Watch Phil Collins' 'In the Air Tonight' Video

That was fine, except that for the fact that Gehman and Mellencamp didn’t yet have a plan for the verses. Plus, they had no idea how to record a “bombastic entrance of some drums” like the one on the Collins single. Enter the Bee Gees, the disco titans with whom Gehman had worked previously. The trio let him borrow a rare LinnDrum machine, which was handed over to Mellencamp’s drummer Kenny Aronoff. He programmed the steady beat for the first half of the song. At least part of “Jack & Diane” was coming together.

But there was still the big drum moment that Mellencamp desired. Aronoff knew what to play, but Gehman didn’t know how to deliver such a huge sound. That’s where the expertise of ex-David Bowie guitarist (and former member of Ziggy Stardust and the Spiders from Mars) Mick Ronson came in handy. Mellencamp knew Ronson from the ’70s, and asked him to help out for a day in the studio. It was then that the glam guitar hero gave Gehman a quick tutorial on how to apply an effect called gated echo to a drum recording – in a similar manner to what Hugh Padgham had done with “In the Air Tonight.” And Ronson’s help didn’t stop there.

“I owe Mick Ronson the hit song ‘Jack & Diane’,” Mellencamp reflected in 2008. “Mick was very instrumental in helping me arrange that song, as I’d thrown it on the junk heap. ... All of a sudden, for ‘Jack & Diane,’ Mick said, ‘Johnny, you should put baby rattles on there.’ I thought, ‘What the f--- does put baby rattles on the record mean'? So he put the percussion on there and then he sang the part, ‘Let it rock, let it roll’ as a choir‑ish‑type thing, which had never occurred to me. And that is the part everybody remembers on the song. It was Ronson’s idea.”

“Jack & Diane” took shape, striking a balance between a prickly acoustic guitar and crunching waves of electric distortion while preserving the distinctive hand claps, which Mellencamp claimed were originally just a placeholder to keep the rhythm together. But even as the recording was taking shape, neither the singer nor his record label seemed too pleased with the results.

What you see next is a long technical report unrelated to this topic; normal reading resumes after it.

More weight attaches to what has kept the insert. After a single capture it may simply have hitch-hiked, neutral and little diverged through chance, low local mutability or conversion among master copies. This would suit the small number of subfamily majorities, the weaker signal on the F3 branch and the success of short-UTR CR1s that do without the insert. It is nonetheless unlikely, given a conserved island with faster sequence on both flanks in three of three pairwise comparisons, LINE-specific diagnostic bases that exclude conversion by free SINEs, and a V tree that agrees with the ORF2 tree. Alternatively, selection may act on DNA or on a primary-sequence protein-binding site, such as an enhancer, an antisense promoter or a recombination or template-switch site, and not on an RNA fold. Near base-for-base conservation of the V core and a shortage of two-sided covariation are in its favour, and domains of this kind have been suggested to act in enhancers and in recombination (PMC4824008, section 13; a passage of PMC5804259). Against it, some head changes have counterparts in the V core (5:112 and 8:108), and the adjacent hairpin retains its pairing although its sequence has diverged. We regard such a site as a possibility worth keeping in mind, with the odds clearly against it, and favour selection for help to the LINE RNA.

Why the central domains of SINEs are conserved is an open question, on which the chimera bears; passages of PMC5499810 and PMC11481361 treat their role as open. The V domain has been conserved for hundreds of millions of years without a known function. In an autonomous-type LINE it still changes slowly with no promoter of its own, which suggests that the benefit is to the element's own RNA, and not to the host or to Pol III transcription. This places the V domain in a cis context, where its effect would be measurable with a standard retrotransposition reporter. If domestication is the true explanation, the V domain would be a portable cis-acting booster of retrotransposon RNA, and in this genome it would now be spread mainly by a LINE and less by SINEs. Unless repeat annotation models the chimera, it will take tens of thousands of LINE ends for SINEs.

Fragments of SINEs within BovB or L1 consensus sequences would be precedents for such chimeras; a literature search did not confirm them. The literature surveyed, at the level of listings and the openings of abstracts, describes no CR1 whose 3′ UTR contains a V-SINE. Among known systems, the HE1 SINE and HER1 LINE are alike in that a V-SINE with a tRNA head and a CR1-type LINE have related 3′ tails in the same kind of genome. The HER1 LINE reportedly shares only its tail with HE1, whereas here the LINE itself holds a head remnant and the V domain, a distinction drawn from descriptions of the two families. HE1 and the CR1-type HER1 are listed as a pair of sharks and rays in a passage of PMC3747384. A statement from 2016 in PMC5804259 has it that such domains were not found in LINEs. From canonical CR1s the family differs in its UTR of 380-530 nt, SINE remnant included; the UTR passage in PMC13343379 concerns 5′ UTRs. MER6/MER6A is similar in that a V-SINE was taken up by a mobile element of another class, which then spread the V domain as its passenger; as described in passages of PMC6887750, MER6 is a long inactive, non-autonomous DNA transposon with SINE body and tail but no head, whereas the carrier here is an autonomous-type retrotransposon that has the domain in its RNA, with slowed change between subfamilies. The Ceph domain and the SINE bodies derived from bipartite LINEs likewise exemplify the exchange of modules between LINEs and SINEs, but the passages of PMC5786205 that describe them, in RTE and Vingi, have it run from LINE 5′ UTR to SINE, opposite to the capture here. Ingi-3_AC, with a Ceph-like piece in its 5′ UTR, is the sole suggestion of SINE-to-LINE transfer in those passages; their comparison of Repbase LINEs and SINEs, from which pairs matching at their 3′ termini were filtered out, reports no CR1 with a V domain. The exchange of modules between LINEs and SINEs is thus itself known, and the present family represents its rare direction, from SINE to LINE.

It was a toss-up as to what made Riva Records more upset: the money Mellencamp and pals had been spending in Miami’s Criteria Studios or the songs that they had created. For some reason, the label had notions of Mellencamp becoming the next Neil Diamond and “Jack & Diane” certainly wasn’t “You Don’t Bring Me Flowers.” But even Mellencamp, exhausted from wrestling with the song in the studio, wasn’t certain of the results. His band members were more enthusiastic and convinced the singer to make sure it landed on his next LP.

Slowly, everyone seemed to come around on “Jack & Diane.” The song was installed as the second track on American Fool, released on April 12, 1982. When the label wanted to put money into music videos for the lead single (and smash hit) “Hurts So Good” and “Hand to Hold on To,” Mellencamp surreptitiously secured materials to ensure a video for “Jack & Diane,” too.

“He said, ‘Look, there’s a song on the album the label doesn’t believe in. But I do. Can you do me a favor and save one roll of film, shoot me singing the song, I’ll give you some old photos and stuff and then you cobble it together for me?’,” recalled Paul Flattery, who worked for the video production company, in I Want My MTV. “So we stole some editing time in L.A. We projected slides on the edit room wall, and we had the tape op wear white gloves to do the clapping. We didn’t charge John a cent.”